This power keeps RC Willey salesmen from overcharging me for delivery. This power helps a furniture salesman give me the sales price on a table when I ordered it only six hours before the sale started (I wasn't told of the sale when I bought it, I definitely would have waited). This power stops my kids dentist from chewing me out because I should have brought them in a month earlier. It also lets me in before hours at a movie theater to look for my military ID (which I found) when the manager has repeatedly told me not very nicely that it is not in the lost and found. This power helps me get bank tellers to cash gift cards in my husband's name when he is obviously not here to do it. And it is the most powerful against police officers when they pull me over for going 58 mph in a clearly marked 50 mph. I also call this power, playing the Iraq card.
You see, I don't just blurt out that hey, my husband is deployed so you should just give me what I want. But if someone is being exceptionally difficult and I can naturally work the fact that Matt is gone into the conversation, I'm golden.
Some people (just a few) have accused me of using this power for my gain. To that I say you get no comment until your husband has been deployed for his third time.
Here in Salt Lake, we are very patriotic. But there are no Army bases around. People don't have a lot of experience with the comings and goings of military personnel. People are usually shocked when I tell them how long Matt has been gone. When I mention I'm a military spouse they bend over backward to help me out.
But in Junction City, Kansas, the town outside the base where Matt was stationed, it was a different story. Picture this: It's late. I'm at a store trying to get instructions from an ornery clerk who is getting ornerier because I don't understand what she is telling me. I decide to play my card. I tell her that I'm here for my husband's homecoming from Iraq and could she just explain it to me one more time how to get to a certain building on base. I get nothing. No ahhh, no how long has he been gone, no how neat. Then I realize it. Here, almost everybody's spouse-mother-father is coming or going from Iraq. There is nothing special about me here. I have no power here. It's like I'm Superman and Junction City is my planet Krypton. Everybody is special so now nobody is. I take a deep breath and take my map and try to find my way to the base without ending up on a firing range.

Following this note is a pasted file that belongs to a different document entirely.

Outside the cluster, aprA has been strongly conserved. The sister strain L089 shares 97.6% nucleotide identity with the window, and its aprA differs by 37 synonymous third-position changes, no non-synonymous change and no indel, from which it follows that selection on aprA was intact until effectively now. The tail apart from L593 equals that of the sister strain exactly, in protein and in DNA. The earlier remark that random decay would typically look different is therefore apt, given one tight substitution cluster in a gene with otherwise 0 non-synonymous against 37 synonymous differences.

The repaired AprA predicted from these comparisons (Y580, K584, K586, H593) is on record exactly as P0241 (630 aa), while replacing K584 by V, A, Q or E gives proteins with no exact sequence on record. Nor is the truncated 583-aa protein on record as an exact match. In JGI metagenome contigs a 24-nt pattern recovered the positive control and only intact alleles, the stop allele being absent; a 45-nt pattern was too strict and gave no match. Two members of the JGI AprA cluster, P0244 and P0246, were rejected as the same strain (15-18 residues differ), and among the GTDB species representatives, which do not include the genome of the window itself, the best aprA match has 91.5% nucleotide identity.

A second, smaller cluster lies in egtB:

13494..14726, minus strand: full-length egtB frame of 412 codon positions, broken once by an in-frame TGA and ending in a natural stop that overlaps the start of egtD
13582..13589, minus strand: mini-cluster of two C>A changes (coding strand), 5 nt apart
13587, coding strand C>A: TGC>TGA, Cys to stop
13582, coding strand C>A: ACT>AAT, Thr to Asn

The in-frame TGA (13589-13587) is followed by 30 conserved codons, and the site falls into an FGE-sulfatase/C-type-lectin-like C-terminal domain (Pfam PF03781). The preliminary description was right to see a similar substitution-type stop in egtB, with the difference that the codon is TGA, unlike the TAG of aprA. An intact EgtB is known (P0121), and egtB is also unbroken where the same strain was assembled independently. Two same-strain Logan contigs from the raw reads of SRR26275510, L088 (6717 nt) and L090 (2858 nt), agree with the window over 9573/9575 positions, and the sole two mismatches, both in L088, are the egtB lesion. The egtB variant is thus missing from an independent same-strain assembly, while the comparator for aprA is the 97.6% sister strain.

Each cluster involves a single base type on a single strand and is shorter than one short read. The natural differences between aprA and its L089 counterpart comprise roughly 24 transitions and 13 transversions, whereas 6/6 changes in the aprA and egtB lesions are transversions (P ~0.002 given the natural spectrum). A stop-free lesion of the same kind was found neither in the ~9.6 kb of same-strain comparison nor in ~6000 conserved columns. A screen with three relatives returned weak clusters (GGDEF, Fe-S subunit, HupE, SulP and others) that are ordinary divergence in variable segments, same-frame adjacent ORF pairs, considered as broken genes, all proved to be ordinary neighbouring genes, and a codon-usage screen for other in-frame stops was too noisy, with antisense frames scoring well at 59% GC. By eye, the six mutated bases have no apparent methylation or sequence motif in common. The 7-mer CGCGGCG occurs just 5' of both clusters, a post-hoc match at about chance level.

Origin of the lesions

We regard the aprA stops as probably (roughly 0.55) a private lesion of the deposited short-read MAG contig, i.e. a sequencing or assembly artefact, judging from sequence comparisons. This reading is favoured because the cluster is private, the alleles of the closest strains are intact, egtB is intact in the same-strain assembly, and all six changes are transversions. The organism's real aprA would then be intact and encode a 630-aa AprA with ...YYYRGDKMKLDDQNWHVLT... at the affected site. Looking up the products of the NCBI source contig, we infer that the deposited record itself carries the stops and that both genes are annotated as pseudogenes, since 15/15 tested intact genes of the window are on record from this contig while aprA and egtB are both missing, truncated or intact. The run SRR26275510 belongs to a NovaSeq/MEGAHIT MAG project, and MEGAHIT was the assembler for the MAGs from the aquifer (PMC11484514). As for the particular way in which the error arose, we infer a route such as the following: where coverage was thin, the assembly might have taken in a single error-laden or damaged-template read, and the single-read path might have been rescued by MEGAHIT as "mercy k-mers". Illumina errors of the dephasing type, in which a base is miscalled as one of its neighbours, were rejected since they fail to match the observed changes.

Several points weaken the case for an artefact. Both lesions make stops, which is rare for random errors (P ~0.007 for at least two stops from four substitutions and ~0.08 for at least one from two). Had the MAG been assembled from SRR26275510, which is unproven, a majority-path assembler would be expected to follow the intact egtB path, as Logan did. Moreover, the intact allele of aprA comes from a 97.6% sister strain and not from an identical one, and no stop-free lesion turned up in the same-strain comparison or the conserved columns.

I guess my point is, is that you really have no idea what the people you meet in everyday life are dealing with. They could have a loved one fighting on foreign soil. They could have a friend that is sick. They could be losing their house. You really would never know unless they played their card. You would never know that they are thinking hey, be nice to me right now, it's been a hard day.
I guess you could say that if I'm like Superman, Matt is my yellow sun. He is the source of my power. And not just because he is deployed. But because he loves me. And I love him. Through thick and thin (obviously, I mean come on! Three times!)
|My Yellow Sun|